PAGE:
Getting into tech

When I graduated from college with a degree in East Asian Languages and Culture from the University of Illinois at Urbana-Champaign in 2011 (one year late), I had no idea what I was going to do. To compare with my fellow EALC majors, one had started a restaurant, one got into horseback riding, and another was a brand ambassador. So basically, I was at square one.

A few things from my background contributed to me landing in software, however:

  • πŸ•Ή I was a computer enthusiast from a young age, whether that was begging my uncle to start up Commander Keen on his computer, being the first kid on the block with cable internet, or the first with a high end graphics card (all hail the Radeon 9700 Pro). I read MaximumPC to drool over the latest game graphics and that introduced me to Slashdot, where I learned about up and coming startups and also comment karma systems.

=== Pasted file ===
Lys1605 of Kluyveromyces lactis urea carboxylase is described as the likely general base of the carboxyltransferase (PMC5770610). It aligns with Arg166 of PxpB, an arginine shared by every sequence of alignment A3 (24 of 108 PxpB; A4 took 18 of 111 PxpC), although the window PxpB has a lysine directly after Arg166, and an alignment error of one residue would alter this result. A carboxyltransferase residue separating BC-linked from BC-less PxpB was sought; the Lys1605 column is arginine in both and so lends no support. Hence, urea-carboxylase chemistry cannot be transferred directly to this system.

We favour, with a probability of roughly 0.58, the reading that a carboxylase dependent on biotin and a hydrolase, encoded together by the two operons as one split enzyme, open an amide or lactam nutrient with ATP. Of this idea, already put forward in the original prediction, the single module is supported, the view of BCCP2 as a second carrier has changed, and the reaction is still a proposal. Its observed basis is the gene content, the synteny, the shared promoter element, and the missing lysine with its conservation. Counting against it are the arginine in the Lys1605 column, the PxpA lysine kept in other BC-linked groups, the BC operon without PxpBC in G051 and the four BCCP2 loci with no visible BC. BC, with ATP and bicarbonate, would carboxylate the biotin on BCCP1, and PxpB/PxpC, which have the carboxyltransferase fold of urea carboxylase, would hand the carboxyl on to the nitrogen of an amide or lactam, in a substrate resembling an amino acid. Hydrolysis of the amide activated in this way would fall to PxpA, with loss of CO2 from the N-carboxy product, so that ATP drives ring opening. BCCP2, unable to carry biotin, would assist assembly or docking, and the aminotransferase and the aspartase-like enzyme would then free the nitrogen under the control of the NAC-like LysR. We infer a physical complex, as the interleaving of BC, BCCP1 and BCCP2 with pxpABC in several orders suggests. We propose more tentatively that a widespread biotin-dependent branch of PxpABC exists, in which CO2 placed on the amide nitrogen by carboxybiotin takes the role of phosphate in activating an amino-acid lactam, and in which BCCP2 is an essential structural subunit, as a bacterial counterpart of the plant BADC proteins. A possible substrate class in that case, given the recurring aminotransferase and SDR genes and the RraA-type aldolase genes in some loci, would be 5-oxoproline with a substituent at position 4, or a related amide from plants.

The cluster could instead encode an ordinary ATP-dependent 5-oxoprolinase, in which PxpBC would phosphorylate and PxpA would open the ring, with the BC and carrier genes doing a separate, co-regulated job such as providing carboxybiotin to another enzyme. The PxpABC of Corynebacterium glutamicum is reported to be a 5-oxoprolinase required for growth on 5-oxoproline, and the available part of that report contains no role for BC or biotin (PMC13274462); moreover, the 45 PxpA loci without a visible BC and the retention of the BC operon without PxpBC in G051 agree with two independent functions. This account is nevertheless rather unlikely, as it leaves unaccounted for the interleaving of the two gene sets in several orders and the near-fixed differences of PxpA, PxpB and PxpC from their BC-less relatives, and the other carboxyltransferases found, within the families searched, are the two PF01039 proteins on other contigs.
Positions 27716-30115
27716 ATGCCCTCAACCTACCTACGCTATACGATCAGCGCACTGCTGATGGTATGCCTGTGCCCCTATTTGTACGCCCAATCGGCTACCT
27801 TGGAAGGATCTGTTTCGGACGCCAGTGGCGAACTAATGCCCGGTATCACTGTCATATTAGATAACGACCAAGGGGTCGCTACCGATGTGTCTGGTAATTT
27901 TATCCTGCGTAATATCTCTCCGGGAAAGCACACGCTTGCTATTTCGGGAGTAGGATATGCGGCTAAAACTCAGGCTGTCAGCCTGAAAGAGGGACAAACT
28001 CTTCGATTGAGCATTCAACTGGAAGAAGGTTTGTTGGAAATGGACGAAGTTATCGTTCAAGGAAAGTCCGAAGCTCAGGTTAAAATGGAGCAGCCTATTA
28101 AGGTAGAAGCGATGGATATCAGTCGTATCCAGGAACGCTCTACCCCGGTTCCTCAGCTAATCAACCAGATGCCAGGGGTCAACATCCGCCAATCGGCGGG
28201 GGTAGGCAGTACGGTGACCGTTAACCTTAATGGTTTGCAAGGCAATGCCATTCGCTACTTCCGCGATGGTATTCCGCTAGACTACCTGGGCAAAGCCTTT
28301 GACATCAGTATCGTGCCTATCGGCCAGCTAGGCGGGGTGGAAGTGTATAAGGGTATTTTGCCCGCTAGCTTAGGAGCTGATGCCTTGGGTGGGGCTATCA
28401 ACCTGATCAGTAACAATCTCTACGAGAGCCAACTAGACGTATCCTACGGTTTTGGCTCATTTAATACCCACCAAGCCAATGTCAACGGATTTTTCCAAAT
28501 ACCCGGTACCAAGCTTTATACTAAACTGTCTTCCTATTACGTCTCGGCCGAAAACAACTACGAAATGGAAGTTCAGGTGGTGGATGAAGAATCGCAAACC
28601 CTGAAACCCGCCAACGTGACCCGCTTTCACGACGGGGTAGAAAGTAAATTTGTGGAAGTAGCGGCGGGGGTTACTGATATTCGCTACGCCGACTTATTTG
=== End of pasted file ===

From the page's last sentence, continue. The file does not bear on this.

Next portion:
• πŸ’» I picked up Learn HTML in 24 Hours at some point and wrote some basic websites – mostly unordered lists. Then I grew bored. As a result, my websites to this day are still mostly unordered lists and that’s why this website runs on WordPress.
  • 🐍 I also picked up a book on learning Python in high school, probably mostly because snakes are cool and installing software had this mythological status. Installing software was fun for the sake of enabling new things. That includes updates to software. I no longer have this fascination, but it’s a nostalgic feeling. Oh, and Python? I did a few simple math problems in the REPL, like 1 + 1, but lost interest. This was the same as my TI-83, but without the graphs! I was almost disgusted at how useless it was. Little did I know. My impression of Python remained, however. Sorry Pythonistas.